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Age and Growth Program

Stable Oxygen Isotopes

Tom Helser at the ion microprobe at the University of Wisconsin Read the full article here (PDF)

The Age and Growth Program is collaborating with colleagues at the University of Wisconsin, Department of Geosciences to analyze Pacific cod otoliths for stable oxygen isotopes. The Ion Microprobe-Secondary Ion Mass Spectrometer (SIMS) is a $6M instrument funded by the National Science Foundation that is used to explore new applications of in situ analysis to stable isotope goechemistry. Research in many disciplines can benefit by using the IMS-1280 ion microprobe, the latest version of CAMECA large radius magnetic sector SIMS. The dramatic reductions of sample size and analysis spot sizes from 1 to 10 micrometers offer many exciting, potentially revolutionary, research opportunities. In this study, researchers were able to obtain nearly one hundred oxygen isotope spot samplesacross a traverse of a thin sectioned age-6 Pacific cod otolith that was tagged with an electronic data logger. Detailed analysis of oxygen isotopes and in situ temperatures of over a half dozen otoliths from archived tagged cod provides new innovative tools for age validation and understanding biogeography.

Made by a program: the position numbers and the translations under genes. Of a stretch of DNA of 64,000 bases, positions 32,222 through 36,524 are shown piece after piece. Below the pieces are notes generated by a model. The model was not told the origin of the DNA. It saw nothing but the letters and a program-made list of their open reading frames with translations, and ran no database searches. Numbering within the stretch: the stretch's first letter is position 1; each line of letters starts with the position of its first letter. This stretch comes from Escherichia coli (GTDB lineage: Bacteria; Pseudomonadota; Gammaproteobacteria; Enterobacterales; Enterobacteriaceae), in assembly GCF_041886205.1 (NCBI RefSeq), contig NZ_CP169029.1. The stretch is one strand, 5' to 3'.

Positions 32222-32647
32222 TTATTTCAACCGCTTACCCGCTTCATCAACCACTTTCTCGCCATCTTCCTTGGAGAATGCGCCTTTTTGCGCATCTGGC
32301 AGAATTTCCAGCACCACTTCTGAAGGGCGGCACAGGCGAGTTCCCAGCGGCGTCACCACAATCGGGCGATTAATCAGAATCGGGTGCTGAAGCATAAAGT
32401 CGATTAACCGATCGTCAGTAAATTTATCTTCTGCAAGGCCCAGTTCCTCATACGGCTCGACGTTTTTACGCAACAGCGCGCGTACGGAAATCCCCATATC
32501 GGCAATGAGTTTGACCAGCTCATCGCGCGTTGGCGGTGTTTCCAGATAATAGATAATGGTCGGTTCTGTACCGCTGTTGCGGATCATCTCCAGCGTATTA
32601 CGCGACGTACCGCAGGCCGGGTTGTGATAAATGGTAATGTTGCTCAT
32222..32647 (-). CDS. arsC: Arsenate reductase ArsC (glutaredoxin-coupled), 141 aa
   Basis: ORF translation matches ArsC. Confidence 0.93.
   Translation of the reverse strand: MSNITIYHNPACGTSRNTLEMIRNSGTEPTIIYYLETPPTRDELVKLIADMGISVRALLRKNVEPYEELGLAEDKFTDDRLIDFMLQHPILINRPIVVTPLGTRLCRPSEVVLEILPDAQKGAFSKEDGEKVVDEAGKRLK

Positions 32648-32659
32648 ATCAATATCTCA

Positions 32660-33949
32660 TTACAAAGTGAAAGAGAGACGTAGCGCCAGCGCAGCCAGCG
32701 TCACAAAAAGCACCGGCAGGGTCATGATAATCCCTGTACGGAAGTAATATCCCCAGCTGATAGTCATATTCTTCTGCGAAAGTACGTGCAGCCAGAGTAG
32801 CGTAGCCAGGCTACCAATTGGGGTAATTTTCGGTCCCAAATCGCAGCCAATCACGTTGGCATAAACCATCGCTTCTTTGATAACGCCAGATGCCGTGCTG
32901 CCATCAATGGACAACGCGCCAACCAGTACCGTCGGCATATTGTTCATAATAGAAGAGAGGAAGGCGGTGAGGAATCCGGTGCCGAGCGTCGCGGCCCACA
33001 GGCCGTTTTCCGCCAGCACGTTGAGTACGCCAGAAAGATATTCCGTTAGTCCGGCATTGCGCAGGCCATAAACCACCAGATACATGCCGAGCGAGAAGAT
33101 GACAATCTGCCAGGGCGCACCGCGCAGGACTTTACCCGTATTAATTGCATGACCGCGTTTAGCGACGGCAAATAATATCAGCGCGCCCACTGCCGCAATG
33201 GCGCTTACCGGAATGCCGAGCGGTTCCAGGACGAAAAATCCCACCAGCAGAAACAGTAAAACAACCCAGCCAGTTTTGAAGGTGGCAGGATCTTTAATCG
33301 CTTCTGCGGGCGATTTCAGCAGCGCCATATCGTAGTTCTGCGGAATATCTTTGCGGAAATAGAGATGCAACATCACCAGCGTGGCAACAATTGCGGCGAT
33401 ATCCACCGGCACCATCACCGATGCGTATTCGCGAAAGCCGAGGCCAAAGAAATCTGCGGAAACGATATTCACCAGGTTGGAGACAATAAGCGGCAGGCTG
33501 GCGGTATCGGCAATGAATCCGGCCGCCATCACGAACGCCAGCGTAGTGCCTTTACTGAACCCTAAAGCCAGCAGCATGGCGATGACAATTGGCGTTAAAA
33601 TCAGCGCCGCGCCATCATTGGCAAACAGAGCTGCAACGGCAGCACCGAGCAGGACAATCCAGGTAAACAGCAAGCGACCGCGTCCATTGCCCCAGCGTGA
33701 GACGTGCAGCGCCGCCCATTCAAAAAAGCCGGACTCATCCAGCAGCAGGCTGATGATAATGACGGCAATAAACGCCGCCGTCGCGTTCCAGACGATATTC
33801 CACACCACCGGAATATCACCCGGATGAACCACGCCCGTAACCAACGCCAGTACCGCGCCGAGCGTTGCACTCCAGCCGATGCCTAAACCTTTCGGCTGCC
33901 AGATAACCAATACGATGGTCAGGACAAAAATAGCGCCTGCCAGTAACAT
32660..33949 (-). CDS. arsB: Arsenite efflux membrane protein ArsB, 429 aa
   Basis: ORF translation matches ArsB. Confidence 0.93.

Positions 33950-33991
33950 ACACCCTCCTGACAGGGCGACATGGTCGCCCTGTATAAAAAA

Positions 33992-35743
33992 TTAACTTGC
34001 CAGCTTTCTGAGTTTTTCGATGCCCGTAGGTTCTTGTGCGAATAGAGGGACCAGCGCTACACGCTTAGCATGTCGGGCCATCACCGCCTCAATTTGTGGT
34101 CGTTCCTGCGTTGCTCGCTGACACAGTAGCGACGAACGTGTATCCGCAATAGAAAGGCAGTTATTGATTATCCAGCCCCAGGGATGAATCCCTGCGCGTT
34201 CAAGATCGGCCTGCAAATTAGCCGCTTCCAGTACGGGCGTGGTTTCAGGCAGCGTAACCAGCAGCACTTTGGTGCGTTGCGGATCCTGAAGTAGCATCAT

Tom Helser at the ion microprobe at the University of Wisconsin

Ion microprobe spot samples and measured sequence of secondary ion mass spectrometry stable oxygen isotopes in a traverse section of a six year old Pacific cod. Measured peaks in the oxygen isotope signature correspond to seasonal temperature lows in the Bering Sea and help researchers elucidate the age of fish (oxygen isotopes and temperature are inversely related-below).

 

 

 

 

 

 

Tom Helser at the ion microprobe at the University of Wisconsin

Sequence of ion microprobe spot samples measuring stable oxygen isotopes from a traverse sectioned Pacific cod tagged with an electronic data logger (temperature and depth) and at liberty for two years illustrates the strong inverse relationship between oxygen isotopes and in situ temperatures. Oxygen isotope signatures in otoliths allows researchers to reconstruct the thermography of a fish’s life history uncovering questions of the study of biogeography.


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